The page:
Most cancer policies do not accept those who’ve been previously diagnosed with a pre-existing condition such as cancer. Also, those who’ve been diagnosed and treated for cancer are usually ineligible for coverage. Those who are eligible for coverage are those who, at the time of insurability, have good health and no evidence of existing disease. In easier to understand terms: if you’re perfectly healthy, you’d probably qualify for a cancer policy and that would be the best time to take one out if you so choose. If you’ve already been diagnosed, forget it. Chances are you will be turned down for coverage because you’re too high a risk. Insurance companies don’t like to have to pay out any more money than necessary. They’re a business and they’re in the business of making money. They make their money through your monthly premiums.
Cancer coverage varies from policy to policy. Some policies cover both medical and non-medical expenses. Medical expenses may include copays, testing, procedures, treatments and long-term hospital stays. Non-medical expenses may include loss of income, home health aide, in-home nursing assistance, child care assistance and transportation expenses.
Here are some points to consider in making your decision of whether or not to purchase a cancer policy:
• Know your family’s medical history and your cancer risk. If you have a history of cancer, it may be wise to review your current insurance policy.
• A separate cancer policy could complement your coverage. If you find your policy lacking, perhaps upgrading your current policy would give you more peace of mind. Often, it’s wiser to purchase an upgrade while you are in a “pre-need” state rather than in an “at-need” state of health.
• Health insurance policies differ from company to company. Check the coverage. If you don’t understand the policy, ask for clarification. Just because you have two policies, that doesn’t necessarily mean you’ll reap more in benefits. Some treatments may be excluded by one policy or may be included in the other. According to this article, “It’s important to read the Coordination of Benefits clause. Most major insurance policies have a Coordination of Benefits (COB) clause which states that the insurer will not cover expenses that another plan does. By purchasing cancer insurance, you may, in fact, be degrading the benefits provided in your primary plan. It is not unusual for two providers to contest the other's liability without either assuming coverage. While these issues can usually be sorted out, they can cause a lot of unnecessary headache and waste of time.”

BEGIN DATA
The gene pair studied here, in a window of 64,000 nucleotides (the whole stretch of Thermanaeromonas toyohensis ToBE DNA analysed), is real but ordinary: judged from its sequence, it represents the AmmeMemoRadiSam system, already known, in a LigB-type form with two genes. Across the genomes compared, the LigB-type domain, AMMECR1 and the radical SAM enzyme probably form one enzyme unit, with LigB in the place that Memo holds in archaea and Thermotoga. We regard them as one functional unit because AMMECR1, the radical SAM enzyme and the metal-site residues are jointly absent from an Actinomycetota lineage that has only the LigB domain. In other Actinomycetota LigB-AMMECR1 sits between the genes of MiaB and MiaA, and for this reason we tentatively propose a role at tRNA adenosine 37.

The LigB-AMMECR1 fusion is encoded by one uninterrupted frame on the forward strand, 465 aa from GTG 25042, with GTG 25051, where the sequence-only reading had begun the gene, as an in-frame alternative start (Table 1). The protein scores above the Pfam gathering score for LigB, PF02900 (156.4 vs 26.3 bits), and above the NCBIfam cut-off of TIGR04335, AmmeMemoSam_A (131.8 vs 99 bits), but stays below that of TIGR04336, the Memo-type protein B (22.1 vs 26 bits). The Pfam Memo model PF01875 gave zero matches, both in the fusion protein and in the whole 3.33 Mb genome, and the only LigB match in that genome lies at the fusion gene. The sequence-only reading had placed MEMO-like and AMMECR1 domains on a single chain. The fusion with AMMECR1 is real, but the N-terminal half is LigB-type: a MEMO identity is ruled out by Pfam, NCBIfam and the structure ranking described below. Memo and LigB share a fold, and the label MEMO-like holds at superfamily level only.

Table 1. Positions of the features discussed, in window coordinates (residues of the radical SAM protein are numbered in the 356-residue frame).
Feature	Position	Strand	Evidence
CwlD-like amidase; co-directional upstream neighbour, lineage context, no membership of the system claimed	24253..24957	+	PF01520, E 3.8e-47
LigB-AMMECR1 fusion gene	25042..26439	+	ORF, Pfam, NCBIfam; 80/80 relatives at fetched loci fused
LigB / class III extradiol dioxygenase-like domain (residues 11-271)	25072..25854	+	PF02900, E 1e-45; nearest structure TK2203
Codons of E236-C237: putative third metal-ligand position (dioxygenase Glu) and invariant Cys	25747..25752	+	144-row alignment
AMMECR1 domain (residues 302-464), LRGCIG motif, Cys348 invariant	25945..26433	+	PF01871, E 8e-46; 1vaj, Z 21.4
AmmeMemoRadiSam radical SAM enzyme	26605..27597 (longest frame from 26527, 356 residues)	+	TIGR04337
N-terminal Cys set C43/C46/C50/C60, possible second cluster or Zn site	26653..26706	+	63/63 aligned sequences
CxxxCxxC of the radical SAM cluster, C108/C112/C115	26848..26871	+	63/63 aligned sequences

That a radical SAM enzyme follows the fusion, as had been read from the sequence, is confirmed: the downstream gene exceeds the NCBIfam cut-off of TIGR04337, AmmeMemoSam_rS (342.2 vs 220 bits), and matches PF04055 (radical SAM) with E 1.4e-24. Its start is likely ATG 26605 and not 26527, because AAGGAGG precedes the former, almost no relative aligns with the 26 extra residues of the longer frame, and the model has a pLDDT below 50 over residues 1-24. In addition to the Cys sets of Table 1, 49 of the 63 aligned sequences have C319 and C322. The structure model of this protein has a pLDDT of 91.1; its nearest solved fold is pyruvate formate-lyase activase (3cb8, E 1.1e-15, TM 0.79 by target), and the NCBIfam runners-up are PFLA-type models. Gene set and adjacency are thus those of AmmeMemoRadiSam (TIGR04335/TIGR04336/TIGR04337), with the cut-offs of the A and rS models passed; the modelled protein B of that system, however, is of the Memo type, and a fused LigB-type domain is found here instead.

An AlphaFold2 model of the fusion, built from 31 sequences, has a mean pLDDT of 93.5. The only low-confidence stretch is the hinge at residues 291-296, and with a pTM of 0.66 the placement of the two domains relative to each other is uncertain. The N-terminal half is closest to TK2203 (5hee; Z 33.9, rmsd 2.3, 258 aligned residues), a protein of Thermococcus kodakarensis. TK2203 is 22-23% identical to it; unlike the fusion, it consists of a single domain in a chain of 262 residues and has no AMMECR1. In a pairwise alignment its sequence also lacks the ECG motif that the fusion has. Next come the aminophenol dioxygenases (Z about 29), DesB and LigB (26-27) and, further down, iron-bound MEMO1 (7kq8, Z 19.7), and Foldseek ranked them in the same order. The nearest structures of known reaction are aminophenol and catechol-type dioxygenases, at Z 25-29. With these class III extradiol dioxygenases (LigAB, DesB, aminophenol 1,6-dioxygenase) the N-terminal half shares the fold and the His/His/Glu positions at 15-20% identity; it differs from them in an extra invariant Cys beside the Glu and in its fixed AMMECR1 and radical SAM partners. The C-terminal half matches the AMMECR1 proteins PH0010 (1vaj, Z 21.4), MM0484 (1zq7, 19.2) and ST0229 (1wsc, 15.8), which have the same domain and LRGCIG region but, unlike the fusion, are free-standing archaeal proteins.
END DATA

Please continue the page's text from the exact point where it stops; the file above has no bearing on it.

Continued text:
There are many factors to consider in making your decision to purchase an insurance policy against cancer. Caveat emptor, “Let the buyer beware.” As in all major decisions, especially those related to health, take your time and make a well informed and wise choice.
For those of us blessed with good medical insurance that has covered the majority of our cancer related expenses, let us never take for granted our coverage. There are many without the luxury of insurance. But also, let us not fall into the trap of becoming insurance poor. It’s not necessary to have many policies with premiums so steep we can barely afford anything else.